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About Syracuse football opening with two straight road games

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Some things we probably need to discuss.

NCAA Football: Syracuse at Maryland Tommy Gilligan-USA TODAY Sports

The Syracuse Orange football team began the 2019 campaign with two road games — just the sixth time SU’s done so since 1950. That’s not the primary reason why Syracuse lost by 43 at Maryland on Saturday. But a second straight road game (especially one against a Power Five program) certainly didn’t help matters.

Of course, it’s easy to point to the Carrier Dome renovations as the reason for doing so here (oh, and definitely next year too), but that also provides a convenient excuse that prioritizes the renovations over putting a team in the best position to win.

The rarity of this occurence should be hint enough that it shouldn’t happen for any Power Five program, nevermind one that was hitting reset at some key positions this season. Obviously I know that these slates are set at least a couple years in advance, but when the Liberty game was put on the calendar, SU already could’ve figured as much based on Eric Dungey’s remaining eligibility.

Even without such specifics, though, there are always young players on a roster who could use the familiar environment of their home stadium as a nice early confidence boost. There’s also the fact that when the game was scheduled, SU was still struggling to rebuild things, further complicating the prospect of winning two road games to start a year.

NCAA Football: Syracuse at Maryland Tommy Gilligan-USA TODAY Sports

Oddly, however, Syracuse has managed to deal with the challenges that come with two road games rather well over the course of previous seasons where its occurred (since 1950).

2010: 1-1, finished 8-5

2004: 1-1, finished 6-6

1984: 2-0, finished 6-5

1962: 0-2, finished 5-5

1956: 1-1, finished 7-2

That’s three bowl games in five tries, and nothing worse than a .500 record (plus the Orange also won a share of the 2004 Big East title). Strangely, the trend holds when looking at just two games away from home to start a year, too — which includes neutral sites here.

2013: 0-2, 7-6

2001: 0-2, 10-3

1979: 1-1, 7-5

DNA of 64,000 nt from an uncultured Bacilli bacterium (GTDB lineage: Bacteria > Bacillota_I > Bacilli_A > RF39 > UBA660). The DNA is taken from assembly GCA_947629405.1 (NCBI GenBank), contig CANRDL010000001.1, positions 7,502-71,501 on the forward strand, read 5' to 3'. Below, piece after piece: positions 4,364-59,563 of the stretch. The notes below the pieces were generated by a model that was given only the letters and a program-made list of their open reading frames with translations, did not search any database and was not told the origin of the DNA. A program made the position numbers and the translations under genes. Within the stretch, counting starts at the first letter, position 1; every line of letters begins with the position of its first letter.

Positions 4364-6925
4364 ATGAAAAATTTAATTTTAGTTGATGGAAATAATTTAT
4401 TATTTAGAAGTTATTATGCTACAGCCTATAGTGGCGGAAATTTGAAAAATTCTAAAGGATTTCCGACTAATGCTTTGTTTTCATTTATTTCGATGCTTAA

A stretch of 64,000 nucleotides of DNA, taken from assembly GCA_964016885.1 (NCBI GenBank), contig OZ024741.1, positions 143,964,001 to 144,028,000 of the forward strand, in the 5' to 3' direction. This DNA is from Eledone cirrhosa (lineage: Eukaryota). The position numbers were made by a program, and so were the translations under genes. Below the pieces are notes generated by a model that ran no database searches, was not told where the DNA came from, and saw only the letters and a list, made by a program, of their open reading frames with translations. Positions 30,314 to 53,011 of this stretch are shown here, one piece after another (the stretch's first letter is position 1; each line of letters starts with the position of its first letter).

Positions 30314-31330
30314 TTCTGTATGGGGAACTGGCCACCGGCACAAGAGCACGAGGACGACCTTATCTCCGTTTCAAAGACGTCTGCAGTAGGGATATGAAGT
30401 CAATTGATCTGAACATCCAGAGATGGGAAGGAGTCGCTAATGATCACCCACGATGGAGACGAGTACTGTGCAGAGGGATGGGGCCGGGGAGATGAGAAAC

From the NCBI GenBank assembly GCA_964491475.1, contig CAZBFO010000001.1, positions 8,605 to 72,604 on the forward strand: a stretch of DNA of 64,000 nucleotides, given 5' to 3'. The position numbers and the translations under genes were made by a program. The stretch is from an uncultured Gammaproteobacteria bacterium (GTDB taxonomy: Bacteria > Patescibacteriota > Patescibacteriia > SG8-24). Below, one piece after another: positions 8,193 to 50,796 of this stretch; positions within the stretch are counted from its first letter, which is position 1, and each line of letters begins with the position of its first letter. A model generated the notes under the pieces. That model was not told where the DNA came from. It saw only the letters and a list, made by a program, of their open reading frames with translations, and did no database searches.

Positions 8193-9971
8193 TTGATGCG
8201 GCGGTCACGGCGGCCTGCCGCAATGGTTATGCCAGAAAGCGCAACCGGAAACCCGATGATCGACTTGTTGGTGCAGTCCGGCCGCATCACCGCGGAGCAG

So three more bowls, this time in three tries. That 2001 season featured losses to two top-10 teams (Georgia Tech, Tennessee), however. So far more challenging than what SU saw when up against Liberty and Maryland this time around.

Are those overall historical results a particularly realistic standard to hold this team to as well? For now, yeah, actually. Syracuse came into the season as a top-25 team. And while that doesn’t appear to be true for right now, the schedule’s there for them to get back at some point — or at the very least, probably get back to a bowl game.

This year, Syracuse was the only P5 team to open with two straight true road games and one of two (Miami was the other) to open with two games away from home. The ‘Canes went 0-2 in their first two games but that also included a week zero start vs. rival Florida in Orlando plus a week one bye. Still not great, but at least a little more manageable.

Looking ahead at next year, Florida State and UNC will start with two non-home games (one neutral site), but that’s it when looking at currently confirmed games for Power Five teams. It’s unlikely that changes. Once again, Syracuse will almost certainly be the lone P5 team on the road for two straight games to start the year.

Perhaps this is an overreaction after a bad loss. But given the fact that we’re the ONLY school doing this to ourselves from a scheduling standpoint and got torched on Saturday, it seems worthwhile to at least question the validity of the idea. When adding SU’s scheduling struggles in the past, the renovations are a convenient excuse. And now they’re a potential reason the Orange aren’t 2-0 and won’t host Gameday this season, either. Certainly doesn’t sound like a great price to pay for an extra week of construction.